Regulators are beginning to teach robots who’s the boss.
After spending billions of dollars on cutting-edge artificial intelligence technologies, Europe’s banks and insurers face tougher scrutiny of the tools they use to help root out fraud, check borrowers’ creditworthiness and automate claims decisions. European Union rules starting this week will stress human oversight and consumer protection, which may hamper companies trying to build the tools of the future.
“Companies developing AI technologies will have to consider and embed the data protection issues into the design process,” David Martin, senior legal officer at Brussels-based consumer advocate BEUC, said in an interview. “It’s not something where they can just tick a box at the end.”
The rules could present an obstacle to coders looking to design ever more sophisticated algorithms. That may handicap EU firms that are competing with rivals in U.S. and Asia to develop new technologies, according to Nick Wallace, a Brussels-based senior policy analyst at the Center for Data Innovation, a nonpartisan and nonprofit research institute.
“For an algorithmic model to be transparent to a human, even a human with a fairly good understanding of algorithms, it needs to be kept within a certain level of complexity,” Wallace said. “The more abstractions you have, let alone the more data points, the harder it’s going to be for any human being to sit down, read through all of it and scrutinize the decision.”
Regulators worldwide are trying to catch up with the financial industry’s rush to automate everything from trading desks to lending decisions and customer help-desks. The banking industry will invest $3.3 billion in AI and related technologies this year, making it the second-biggest spender after retail, research firm International Data Corporation estimates. Overall spending on the technologies will grow to $52.2 billion by 2021 from about $19 billion this year, according to IDC.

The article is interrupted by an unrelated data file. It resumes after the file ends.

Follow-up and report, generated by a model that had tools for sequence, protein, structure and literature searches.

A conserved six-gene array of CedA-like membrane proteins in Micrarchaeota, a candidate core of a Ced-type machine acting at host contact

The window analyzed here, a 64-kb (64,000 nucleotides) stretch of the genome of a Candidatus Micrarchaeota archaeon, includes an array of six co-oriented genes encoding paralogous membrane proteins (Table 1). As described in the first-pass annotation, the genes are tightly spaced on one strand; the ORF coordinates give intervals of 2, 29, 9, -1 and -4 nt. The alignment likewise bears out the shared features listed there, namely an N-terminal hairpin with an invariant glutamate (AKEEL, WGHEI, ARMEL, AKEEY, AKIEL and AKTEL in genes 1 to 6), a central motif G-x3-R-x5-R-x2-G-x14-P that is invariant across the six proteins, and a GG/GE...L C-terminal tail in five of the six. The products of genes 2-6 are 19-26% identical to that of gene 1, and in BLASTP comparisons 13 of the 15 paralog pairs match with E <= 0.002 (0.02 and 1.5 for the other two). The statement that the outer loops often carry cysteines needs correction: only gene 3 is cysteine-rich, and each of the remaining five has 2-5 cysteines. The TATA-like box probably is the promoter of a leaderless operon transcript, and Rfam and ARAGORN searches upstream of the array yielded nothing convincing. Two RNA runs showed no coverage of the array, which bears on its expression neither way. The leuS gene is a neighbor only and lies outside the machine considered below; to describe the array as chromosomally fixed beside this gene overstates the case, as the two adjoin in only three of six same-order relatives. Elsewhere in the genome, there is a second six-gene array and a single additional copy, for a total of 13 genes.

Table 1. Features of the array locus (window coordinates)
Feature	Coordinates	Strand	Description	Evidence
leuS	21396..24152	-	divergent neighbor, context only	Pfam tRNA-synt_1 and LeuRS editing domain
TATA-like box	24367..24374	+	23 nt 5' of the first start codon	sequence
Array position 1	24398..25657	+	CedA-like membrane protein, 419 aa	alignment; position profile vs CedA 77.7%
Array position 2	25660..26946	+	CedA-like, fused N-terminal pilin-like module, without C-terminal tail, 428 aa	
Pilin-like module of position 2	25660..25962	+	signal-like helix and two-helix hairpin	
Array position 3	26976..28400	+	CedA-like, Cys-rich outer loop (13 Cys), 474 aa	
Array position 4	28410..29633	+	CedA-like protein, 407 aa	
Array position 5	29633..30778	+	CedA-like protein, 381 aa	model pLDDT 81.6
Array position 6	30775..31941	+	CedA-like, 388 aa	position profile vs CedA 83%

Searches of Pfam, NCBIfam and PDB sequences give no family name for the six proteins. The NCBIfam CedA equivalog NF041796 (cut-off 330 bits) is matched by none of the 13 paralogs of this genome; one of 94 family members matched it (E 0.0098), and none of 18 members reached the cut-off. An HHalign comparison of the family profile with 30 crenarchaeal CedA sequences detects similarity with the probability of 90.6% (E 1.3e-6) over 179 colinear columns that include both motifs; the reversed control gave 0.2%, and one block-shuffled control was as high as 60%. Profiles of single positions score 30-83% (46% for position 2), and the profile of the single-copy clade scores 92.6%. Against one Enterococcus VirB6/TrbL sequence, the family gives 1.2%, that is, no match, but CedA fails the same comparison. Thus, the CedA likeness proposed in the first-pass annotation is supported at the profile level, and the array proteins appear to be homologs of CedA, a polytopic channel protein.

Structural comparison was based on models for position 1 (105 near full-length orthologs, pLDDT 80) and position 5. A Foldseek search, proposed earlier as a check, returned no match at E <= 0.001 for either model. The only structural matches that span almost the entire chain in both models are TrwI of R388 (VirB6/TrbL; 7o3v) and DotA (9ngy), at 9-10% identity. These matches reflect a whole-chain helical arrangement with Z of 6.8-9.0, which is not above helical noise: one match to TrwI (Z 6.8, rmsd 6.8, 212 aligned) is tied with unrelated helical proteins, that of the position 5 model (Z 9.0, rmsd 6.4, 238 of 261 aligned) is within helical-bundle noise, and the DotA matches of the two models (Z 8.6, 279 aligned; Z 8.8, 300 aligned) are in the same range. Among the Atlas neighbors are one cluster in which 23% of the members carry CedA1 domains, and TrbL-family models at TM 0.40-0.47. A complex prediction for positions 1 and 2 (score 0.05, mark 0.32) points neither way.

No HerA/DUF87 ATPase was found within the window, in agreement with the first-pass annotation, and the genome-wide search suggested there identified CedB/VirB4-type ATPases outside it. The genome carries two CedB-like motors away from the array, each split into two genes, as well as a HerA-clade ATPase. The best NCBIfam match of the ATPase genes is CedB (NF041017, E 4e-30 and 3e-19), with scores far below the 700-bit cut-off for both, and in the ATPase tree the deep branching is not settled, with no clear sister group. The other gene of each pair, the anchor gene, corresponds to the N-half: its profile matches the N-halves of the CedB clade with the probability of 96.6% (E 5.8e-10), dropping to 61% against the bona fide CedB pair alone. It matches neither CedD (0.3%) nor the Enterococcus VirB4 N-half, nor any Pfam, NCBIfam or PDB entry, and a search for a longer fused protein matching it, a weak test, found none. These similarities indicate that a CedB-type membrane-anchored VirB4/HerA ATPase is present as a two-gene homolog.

The EU’s General Data Protection Regulation being introduced on May 25 will generally require firms to get consent from people when their personal data is used to fully automate certain types of decisions that have significant effects, such as whether to award a loan. Clients will have the right to demand a firm’s human employee intervene and review a decision, and they will have the power to get details about an automated process to help guard against discriminatory practices.
“Major corporations recognize that this is a challenge and that privacy rights and data protection rights need to be given full consideration during the design and development of any kind of product or service,” John Bowman, London-based senior principal at International Business Machines Corp.’s Promontory Financial Group subsidiary, said in an interview.
As policymakers ironed out the details of the regulations over the past year, financial industry lobbies including the Association for Financial Markets in Europe and U.K. Finance pressed authorities to tread softly and to acknowledge ways the technologies can benefit consumers. In a 24-page letter to policymakers, the European Banking Federation said “profiling activities should not necessarily be perceived as having a negative impact on customers.”
The law is being closely watched by the insurance industry, where four out of five executives say that AI systems will be used alongside human staffers within the next two years, consultant Accenture said in a report this year.
The U.K. arm of Ageas, a Brussels-based insurer, is looking to speed up the handling of thousands of claims for car insurance by using AI software to review images of vehicle damage and help estimate a repair job. GDPR won’t affect the current technology, and the insurer has included the law’s requirements in its processes, an Ageas spokeswoman said.
Allianz SE, Europe’s biggest insurer, uses data and machine-learning technologies in several areas of its insurance business. That includes automating what was once a paper-based and manual underwriting process for small- and medium-sized businesses.
Automatic decision-making is typically based either on consent or as a condition for entering a contract, according to Philipp Raether, chief privacy officer at Munich-based Allianz Group.
“In scenarios where profiling is necessary for entering into a contract, this will be made transparent to the customer in an understandable way,” Raether said.
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